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Helping Kids Cope with Divorce

By Neil Chethik

It's the season of migration for the children of divorce.

Another year of school behind them, millions of American kids are hauling duffel bags, favorite pillows, and yes, grand expectations, as they flock from Mom's house to Dad's. Otherwise ordinary men, meanwhile, are changing their routines, habits, and linens, as they prepare to take on the role of Summer Dad.

Not that the fathers are complaining. Having their children within arms' reach - quite literally, touchable - is pleasure enough for most of them. Some speak of the almost primal contentment they feel when they lay beside their kids in a tent, nestle with them for a bedtime story, or talk with them over a meal at a restaurant.

And yet, as any seasoned Summer Dad knows, visits from the kids are not all sunshine. Routines are upset; emotions roil; clashes are inevitable. To help fathers make it through the normal pressures of summer with the kids -- and to help them realize the deeper pleasures - several experienced Summer Dads share what they've learned.


Kids like to know what's coming. So the first duty of a Summer Dad is to talk with your kids before their visit starts; let them know what they can expect from your time together.

Charles Metzker, a Kentucky father of two teens, says that each spring he calls his sons to remind them of the house-rules at his place, and to find out what activities he should arrange for them. Then, Metzker says, he tries to have extra patience as he and his sons "find the comfort zone" for a couple of weeks they're living together.

"The moms can really help" in preparing the children for summer, Metzker says. "I have a good relationship with my ex-wife, and she makes a big difference by building up positive expectations as the kids prepare to come live with me."


There's an urge among many divorced fathers to drop everything and spend each summer moment with their kids. If you've got such an urge, experienced dads say, squelch it.

"While their parents are important to them, kids don't want constant attention, especially as they get older," says Phil Holman, a divorced father of two from Michigan. Holman's two teen-aged daughters, he says, "want to sleep over at their friends' houses, and spend a lot of time on their own. I'm always reminding myself not to hold on too tight."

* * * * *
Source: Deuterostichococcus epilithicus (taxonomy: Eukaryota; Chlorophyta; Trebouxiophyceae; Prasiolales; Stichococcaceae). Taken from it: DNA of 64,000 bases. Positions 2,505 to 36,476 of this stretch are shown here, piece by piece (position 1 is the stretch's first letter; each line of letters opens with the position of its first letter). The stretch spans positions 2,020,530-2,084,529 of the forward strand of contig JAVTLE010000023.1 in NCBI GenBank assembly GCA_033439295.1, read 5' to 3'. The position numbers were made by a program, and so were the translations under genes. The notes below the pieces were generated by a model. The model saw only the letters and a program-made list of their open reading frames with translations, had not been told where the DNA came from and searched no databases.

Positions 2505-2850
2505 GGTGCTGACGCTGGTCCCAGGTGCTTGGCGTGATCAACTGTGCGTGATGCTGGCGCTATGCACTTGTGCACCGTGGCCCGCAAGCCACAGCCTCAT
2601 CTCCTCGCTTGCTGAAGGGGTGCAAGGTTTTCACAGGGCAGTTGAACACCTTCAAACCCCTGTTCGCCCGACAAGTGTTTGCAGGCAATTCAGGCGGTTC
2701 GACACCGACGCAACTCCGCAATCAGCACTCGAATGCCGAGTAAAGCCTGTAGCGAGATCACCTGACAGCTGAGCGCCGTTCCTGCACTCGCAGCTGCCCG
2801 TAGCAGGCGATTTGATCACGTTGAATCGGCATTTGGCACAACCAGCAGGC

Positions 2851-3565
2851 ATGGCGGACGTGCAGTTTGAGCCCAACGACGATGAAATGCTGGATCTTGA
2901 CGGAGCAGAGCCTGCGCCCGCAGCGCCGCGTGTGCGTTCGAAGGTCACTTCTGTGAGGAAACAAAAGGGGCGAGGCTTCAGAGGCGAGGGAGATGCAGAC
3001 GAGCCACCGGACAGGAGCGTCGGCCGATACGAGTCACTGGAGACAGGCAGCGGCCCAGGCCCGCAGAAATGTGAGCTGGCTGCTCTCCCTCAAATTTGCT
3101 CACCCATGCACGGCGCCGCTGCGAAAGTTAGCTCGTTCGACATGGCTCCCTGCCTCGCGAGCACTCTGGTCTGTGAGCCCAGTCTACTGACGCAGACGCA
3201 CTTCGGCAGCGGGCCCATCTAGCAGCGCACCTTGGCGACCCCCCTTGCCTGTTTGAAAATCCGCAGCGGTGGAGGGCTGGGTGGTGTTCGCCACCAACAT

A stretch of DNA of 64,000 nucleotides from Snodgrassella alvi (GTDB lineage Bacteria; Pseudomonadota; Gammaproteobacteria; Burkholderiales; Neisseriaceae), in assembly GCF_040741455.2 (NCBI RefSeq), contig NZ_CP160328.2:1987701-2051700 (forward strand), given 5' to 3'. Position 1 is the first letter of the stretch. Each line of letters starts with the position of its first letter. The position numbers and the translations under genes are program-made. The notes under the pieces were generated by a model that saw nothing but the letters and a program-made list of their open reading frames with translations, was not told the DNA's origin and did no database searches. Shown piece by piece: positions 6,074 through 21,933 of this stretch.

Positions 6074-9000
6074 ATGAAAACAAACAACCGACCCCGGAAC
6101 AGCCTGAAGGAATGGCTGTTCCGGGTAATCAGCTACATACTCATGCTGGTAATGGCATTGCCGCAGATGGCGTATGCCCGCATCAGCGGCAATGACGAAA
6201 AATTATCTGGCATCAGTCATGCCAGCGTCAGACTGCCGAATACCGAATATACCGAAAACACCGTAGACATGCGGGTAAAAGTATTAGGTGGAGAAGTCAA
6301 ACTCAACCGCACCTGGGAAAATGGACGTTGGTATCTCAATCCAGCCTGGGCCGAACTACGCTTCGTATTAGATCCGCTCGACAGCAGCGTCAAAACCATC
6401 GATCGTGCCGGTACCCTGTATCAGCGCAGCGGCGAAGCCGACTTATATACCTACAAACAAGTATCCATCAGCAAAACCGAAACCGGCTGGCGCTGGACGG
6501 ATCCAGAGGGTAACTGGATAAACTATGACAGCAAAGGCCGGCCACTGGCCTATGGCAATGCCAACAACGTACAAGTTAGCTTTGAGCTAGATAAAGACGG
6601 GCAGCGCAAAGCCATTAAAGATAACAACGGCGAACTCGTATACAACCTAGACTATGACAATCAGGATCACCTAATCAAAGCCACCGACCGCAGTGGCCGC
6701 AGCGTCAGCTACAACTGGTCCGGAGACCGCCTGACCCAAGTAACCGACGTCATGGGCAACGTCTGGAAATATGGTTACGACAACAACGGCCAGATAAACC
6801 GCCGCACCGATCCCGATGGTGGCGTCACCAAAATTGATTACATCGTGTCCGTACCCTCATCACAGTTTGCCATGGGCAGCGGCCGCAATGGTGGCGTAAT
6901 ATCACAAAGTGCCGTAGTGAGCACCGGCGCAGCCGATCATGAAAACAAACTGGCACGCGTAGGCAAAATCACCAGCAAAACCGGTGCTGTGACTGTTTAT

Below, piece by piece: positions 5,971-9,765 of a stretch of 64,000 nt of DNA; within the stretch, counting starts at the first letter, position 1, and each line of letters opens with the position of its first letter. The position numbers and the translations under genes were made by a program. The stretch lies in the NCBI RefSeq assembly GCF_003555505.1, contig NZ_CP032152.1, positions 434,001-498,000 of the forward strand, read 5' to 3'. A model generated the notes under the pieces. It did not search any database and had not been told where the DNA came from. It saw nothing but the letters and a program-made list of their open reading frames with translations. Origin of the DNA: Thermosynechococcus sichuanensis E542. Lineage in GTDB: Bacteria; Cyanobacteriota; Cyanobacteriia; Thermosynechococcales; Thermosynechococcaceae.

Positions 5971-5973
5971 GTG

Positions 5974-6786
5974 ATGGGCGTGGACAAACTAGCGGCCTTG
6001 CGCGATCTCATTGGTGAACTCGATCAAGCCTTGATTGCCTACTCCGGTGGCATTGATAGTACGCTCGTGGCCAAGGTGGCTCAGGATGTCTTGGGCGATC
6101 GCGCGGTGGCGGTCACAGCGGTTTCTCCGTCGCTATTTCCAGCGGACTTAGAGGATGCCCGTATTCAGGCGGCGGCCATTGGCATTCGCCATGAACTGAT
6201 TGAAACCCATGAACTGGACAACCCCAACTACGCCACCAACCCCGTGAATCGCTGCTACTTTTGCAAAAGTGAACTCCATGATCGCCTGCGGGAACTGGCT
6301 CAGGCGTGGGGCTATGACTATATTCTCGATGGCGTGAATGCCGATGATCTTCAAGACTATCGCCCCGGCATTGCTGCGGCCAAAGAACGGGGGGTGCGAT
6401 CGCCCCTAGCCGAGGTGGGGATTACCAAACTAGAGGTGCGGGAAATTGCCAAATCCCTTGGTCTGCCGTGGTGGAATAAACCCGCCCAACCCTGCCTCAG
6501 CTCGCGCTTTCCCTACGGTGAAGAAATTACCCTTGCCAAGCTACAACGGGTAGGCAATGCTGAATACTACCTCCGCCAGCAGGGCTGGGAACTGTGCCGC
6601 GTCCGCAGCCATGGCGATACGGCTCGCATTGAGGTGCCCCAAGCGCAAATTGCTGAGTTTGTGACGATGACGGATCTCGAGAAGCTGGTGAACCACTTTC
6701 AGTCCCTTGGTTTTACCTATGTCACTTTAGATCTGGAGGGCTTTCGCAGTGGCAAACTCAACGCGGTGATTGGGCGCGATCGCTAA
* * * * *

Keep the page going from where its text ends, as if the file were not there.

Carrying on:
Holman suggests that fathers slightly reduce their daily work hours, if possible, and take some vacation time over the summer. But otherwise, act as normal as possible.


Having fun with the kids is the essence of the season. High on the recreation list are amusement parks, baseball games and movies. Henry Tyszka, of Michigan, says that these can be great relationship-building activities, but that fathers should also consider quieter, more natural settings.

Tyszka recalls taking his son and daughter camping when they lived with him several summers ago. They're still talking about it. Tyszka also found that his two daughters, who live in a big city most of the year, had never been to the country on a clear evening. "One night, we grabbed a blanket and laid down and just looked up at the sky," he recalls. "In my mind, I gave my kids the stars."


Each child is different, and reacts differently to summers with Dad. Some may want to talk directly about the divorce, or family life; others will want to focus on happier topics. Fathers should allow the child to lead the way in these conversations, and not pry where the child does not want to go. Talk with each child individually.

John Davis of California says that while one of his two sons was quiet and sullen in the first summer after the divorce, the other was furious. "Usually, his anger would surface around setting limits," Davis recalls. "Eventually, we'd both end up in tears.... It was cathartic. It was the acknowledgment that we missed each other."

In addition to the heavy conversations, fathers should spend some fun time alone with each child. Metzker says that through the years, he's asked friends to help with child-care so he can be alone with one child for dinner or an activity. It is while spending time one-on-one with each son, Metzker says, that he sees "the true flowering of the kid's personality."


"There's a point where you start to ... feel the pain of the separation," Metzker says. The kids feel it too, he says, so it's important to acknowledge what's happening, and to say good-bye in an intentional way.

Metzker often does it by saving a special trip for the end of the summer. Sometimes, he'll drive his kids back to their mother's home, several hundred miles away. Holman says that on the weekend before his kids leave his house, he'll usually sit down and talk about how things went, and what each person will carry with them through the year.

"It's a lot like a grief process," he says. "The tendency is to ignore it, avoid it. But I think it's best to recognize it, and take it as a rite of passage."


While it's hard for him to admit, Davis says that he sometimes looks forward to the end of summer. "I have some feelings of relief," he acknowledges. He's got his own life back. He can see his own friends again. He can keep the refrigerator stocked. Davis says, "Part of the challenge in life is keeping a balance, and there are some advantages in being a part-time parent."

Neil Chethik is author of "FatherLoss: How sons of all ages come to terms with the deaths of their dads" (Hyperion, 2001). He lives in Lexington, Ky., and can be reached through his website,

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